A&E

Christopher Soto: A needed treat for coming out week


Terrence Shambley Jr., Contributor


Augsburg’s Queer Indigenous and People of Color (QIPOC) brought out queer poet and activist Christopher Soto to share his work with us for Coming Out Week. Soto is the author of “Sad Girl Poems” and editor of “Nepantla: An Anthology for Queer Poets of Color,” the first book collection of poetry for queer poets in the United States.  

Soto is the son of El Salvadoran immigrants and is also a co-founder of the Undocupoets Campaign, which forced many publications to change their anti-undocumented immigrant policies. Soto’s work explores El Salvadoran identity, intimacy and religious tension.

Before reading his own work, Soto opened up the space by inviting audience members up to read works from authors in the aforementioned anthology. He stood engaged, patient and reassuring as volunteers from the crowd stumbled through readings of poems from fellow Dark Noise member Fatimah Asghar and others.

   Before reading his poem “Transactional Sex with Satan,” Soto shared a short anecdote about a time where he upset a pastor by reading this poem in the chapel of a conservative college. He also admitted to the crowd that he was reluctant to perform at Augsburg hearing it was a Lutheran institution. Nonetheless, he was there for the POC, queer and trans folk of Augsburg, reading “Transactional Sex with Satan” to us: “He smokes / heavily / & smells like / the suicide / of one thousand angels.” He continues, “Intergalactic ash / spread / over his / bed sheets / & vintage dildo / dreams … He plugs my nose / my tonsils gape open / & dick is shoved / into my heart.”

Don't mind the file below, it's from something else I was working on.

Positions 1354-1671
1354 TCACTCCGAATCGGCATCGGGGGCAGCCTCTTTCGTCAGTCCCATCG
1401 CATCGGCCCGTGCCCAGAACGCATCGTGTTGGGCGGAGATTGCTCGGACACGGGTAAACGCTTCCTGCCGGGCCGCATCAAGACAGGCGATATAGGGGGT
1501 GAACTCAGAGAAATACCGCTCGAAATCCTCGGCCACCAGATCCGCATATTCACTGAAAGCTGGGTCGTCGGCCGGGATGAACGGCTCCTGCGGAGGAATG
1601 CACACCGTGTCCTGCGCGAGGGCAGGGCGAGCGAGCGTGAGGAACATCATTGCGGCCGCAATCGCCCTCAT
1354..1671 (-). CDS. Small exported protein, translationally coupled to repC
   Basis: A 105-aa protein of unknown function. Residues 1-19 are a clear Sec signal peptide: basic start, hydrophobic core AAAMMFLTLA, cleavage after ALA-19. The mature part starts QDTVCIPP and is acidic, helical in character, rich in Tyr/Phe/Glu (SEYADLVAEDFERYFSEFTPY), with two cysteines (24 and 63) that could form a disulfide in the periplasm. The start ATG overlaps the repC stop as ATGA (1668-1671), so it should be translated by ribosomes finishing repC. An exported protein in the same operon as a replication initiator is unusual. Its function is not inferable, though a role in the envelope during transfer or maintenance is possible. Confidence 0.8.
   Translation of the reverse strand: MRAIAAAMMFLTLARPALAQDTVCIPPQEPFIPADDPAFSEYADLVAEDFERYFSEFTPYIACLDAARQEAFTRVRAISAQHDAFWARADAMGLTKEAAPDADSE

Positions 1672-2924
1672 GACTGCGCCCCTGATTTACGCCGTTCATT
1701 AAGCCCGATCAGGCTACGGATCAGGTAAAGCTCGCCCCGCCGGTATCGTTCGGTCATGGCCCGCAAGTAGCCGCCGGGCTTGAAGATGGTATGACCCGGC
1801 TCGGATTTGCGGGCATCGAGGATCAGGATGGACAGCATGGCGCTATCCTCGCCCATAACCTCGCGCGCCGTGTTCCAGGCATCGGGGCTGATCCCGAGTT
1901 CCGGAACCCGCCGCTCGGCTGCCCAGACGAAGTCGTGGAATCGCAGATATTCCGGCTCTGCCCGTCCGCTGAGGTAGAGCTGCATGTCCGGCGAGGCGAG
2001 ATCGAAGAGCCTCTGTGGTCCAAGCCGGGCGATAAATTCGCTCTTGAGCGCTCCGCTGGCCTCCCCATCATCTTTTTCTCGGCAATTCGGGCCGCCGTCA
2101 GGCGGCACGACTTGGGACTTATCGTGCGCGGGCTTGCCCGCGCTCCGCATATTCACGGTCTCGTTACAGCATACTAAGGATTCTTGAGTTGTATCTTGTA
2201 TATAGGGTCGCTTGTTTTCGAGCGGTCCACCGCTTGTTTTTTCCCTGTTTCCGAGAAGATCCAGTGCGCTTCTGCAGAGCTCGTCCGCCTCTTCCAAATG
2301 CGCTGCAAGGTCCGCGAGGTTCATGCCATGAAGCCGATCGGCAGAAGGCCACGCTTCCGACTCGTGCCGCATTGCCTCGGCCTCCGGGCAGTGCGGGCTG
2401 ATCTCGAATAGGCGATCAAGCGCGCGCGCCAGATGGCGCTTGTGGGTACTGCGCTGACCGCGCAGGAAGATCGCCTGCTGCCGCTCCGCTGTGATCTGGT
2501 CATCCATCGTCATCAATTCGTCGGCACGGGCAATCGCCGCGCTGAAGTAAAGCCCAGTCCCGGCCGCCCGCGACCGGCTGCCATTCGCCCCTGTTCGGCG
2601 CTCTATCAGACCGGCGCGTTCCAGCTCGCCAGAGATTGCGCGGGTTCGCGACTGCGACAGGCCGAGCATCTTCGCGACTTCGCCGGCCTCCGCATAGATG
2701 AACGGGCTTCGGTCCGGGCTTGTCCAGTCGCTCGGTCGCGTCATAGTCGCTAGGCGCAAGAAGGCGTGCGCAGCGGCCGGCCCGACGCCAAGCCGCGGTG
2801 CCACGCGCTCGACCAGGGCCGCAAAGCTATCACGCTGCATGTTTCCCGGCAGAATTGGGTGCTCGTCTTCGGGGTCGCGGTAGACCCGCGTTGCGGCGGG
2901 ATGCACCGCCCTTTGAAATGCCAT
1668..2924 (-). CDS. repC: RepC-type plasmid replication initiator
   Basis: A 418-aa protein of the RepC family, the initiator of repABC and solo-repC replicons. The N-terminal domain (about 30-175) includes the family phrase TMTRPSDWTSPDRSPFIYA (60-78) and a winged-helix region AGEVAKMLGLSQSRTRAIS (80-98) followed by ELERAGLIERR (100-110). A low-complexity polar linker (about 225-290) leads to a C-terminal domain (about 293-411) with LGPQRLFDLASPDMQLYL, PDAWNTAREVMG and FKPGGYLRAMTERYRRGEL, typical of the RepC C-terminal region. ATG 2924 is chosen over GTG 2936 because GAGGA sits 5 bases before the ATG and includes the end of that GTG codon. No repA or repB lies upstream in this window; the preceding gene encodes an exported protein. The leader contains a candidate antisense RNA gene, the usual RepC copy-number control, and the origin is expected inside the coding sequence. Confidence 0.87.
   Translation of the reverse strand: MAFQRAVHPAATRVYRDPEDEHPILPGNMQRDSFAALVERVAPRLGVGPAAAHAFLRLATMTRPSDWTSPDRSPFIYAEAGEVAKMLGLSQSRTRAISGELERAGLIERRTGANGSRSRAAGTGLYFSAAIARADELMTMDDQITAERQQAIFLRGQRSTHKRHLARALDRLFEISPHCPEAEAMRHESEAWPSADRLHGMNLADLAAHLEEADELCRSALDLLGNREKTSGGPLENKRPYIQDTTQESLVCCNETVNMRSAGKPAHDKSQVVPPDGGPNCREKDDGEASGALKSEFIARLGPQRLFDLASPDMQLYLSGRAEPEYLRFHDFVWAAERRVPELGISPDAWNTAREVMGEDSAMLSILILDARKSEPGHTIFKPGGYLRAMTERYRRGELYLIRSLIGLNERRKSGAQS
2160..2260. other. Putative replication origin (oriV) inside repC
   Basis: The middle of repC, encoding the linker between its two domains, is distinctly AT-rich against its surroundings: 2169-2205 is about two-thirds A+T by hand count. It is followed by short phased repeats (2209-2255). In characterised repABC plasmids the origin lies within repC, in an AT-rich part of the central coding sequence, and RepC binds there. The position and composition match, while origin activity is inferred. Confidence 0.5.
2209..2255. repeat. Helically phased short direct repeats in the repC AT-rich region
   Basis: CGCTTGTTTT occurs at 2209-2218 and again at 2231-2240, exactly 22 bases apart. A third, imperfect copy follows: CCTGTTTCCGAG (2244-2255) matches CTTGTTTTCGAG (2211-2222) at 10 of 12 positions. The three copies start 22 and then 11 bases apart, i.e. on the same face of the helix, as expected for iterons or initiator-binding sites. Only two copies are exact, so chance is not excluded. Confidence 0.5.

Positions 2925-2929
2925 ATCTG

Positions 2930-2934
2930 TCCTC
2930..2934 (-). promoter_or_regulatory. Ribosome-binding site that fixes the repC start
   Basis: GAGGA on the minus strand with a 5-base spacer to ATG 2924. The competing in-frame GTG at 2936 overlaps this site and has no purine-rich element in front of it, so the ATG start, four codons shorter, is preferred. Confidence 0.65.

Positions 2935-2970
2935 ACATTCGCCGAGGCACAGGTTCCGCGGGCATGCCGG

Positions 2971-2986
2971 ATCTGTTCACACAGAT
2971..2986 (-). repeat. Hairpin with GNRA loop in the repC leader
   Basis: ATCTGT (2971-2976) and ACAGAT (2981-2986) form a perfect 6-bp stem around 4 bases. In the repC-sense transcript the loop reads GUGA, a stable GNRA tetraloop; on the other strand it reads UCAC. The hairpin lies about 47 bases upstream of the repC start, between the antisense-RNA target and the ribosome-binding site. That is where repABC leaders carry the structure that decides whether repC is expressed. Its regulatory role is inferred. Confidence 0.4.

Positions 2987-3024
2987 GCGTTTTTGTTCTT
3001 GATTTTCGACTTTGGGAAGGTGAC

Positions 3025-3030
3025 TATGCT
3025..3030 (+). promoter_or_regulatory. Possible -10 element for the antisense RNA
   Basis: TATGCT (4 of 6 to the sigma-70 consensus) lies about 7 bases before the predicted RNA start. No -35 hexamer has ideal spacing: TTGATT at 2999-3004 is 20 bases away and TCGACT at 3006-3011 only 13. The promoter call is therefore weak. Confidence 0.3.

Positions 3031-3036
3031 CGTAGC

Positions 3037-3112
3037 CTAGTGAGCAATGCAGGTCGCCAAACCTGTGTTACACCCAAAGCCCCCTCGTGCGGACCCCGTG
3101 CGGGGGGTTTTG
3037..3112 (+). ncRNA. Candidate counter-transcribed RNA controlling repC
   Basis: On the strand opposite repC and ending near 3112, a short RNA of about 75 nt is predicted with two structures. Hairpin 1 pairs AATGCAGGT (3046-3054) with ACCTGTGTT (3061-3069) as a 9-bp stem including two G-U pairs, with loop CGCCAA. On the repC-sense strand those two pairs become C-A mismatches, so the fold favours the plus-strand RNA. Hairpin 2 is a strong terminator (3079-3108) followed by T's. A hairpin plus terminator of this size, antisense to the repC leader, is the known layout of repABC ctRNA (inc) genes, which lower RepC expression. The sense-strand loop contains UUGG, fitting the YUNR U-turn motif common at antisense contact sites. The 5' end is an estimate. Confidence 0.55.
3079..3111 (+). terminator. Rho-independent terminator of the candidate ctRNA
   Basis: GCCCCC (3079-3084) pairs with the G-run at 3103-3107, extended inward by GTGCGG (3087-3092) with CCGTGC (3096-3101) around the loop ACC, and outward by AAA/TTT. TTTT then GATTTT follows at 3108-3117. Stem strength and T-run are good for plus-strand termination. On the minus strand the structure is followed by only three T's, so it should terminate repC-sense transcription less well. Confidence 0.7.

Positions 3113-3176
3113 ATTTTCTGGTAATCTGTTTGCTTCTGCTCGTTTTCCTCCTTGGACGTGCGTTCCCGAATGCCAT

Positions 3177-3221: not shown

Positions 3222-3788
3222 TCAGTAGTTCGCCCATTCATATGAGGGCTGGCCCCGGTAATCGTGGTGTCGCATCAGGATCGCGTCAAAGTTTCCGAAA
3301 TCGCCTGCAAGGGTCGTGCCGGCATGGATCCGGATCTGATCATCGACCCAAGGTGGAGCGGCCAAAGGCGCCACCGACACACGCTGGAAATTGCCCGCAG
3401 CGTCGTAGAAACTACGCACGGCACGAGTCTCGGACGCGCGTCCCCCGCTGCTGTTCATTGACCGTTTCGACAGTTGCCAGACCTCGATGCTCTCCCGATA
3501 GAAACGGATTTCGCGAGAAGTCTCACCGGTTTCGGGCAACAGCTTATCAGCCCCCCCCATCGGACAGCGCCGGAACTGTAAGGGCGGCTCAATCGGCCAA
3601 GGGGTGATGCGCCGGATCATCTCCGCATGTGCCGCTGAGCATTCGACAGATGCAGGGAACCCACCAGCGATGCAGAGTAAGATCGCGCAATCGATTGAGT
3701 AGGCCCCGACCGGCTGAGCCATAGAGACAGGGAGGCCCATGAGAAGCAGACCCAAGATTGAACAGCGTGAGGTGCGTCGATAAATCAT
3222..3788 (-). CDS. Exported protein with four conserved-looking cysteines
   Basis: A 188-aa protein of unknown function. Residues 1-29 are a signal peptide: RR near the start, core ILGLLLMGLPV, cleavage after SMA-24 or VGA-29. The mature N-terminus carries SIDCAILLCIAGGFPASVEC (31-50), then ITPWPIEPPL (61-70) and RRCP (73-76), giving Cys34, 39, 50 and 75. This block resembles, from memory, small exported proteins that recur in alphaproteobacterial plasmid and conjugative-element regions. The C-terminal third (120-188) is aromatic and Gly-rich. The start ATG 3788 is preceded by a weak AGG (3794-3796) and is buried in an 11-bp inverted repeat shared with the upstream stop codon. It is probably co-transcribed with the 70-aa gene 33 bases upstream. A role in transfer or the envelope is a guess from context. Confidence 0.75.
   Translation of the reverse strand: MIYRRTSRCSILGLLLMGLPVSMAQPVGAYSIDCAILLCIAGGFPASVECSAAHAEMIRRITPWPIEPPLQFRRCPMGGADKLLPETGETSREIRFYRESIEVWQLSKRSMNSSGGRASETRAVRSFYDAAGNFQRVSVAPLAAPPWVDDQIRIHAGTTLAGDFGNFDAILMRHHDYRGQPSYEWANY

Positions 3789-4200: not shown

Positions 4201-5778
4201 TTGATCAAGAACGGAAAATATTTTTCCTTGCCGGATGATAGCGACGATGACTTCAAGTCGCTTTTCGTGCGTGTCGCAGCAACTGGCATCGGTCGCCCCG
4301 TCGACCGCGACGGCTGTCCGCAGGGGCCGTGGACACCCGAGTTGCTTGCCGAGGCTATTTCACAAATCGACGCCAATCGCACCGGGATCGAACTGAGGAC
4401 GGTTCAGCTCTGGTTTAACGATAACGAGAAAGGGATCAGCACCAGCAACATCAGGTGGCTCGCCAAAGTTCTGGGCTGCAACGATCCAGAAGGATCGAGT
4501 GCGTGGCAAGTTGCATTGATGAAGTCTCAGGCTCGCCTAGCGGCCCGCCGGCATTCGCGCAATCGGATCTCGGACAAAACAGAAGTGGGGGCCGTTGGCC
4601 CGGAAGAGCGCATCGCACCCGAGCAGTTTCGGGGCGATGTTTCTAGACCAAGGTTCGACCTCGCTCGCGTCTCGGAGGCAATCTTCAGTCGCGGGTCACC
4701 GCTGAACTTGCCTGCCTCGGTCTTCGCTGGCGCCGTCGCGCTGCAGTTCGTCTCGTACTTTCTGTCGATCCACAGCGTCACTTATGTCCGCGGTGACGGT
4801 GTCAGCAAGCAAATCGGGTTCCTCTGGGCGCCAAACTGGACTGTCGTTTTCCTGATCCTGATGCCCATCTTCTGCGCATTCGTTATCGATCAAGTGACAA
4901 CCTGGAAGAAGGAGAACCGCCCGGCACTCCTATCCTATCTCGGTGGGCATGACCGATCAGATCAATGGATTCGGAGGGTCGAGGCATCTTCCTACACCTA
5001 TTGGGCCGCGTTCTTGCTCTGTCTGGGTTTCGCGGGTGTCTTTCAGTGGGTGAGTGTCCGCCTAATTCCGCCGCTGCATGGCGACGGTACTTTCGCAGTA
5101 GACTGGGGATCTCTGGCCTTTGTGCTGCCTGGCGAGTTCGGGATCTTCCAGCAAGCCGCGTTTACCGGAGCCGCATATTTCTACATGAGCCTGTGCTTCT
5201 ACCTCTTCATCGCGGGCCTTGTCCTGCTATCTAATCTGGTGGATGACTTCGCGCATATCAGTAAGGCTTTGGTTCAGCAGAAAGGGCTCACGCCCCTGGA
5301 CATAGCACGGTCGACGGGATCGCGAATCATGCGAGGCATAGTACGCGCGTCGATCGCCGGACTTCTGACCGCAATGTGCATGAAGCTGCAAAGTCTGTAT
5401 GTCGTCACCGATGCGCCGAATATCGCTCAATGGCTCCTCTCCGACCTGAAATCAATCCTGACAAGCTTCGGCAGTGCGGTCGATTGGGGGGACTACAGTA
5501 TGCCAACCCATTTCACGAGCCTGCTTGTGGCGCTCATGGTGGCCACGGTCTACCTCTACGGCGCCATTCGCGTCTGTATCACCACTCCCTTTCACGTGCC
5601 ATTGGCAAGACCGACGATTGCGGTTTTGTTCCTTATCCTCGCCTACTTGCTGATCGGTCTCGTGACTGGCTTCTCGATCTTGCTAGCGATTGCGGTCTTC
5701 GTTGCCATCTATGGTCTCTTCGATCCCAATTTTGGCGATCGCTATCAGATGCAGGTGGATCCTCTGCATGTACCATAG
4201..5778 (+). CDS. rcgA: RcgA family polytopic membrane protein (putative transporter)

Soto shared that he’s come to see his mother’s conversations as a form of poetry because of her weird grammatical or syntactic breaks. She spells out her words incorrectly and uses them in the wrong places, opening up language in really interesting ways, to which he says to her, “That’s not what you meant to say, but that’s like fifty times better.” His grandma’s influence on his relationship with language particularly shows in a poem he read in honor of his theme for the night: “Reading new shit and test-running it with us.” The line goes, “Police ask, ‘Are you drunk? Are you high?’ / I reply, ‘No, I’m Salvadorian.’” We, the audience, were as satisfied by Soto’s set as a newborn baby that was sung a lullaby. Soto opened up the last few minutes of his reading for questions, and I asked him from the crowd, “What writing advice would you give yourself five years ago?” He replied — and this is his advice to all young writers — “Read.”

This article first appeared in the Friday, October 12 edition of The Echo.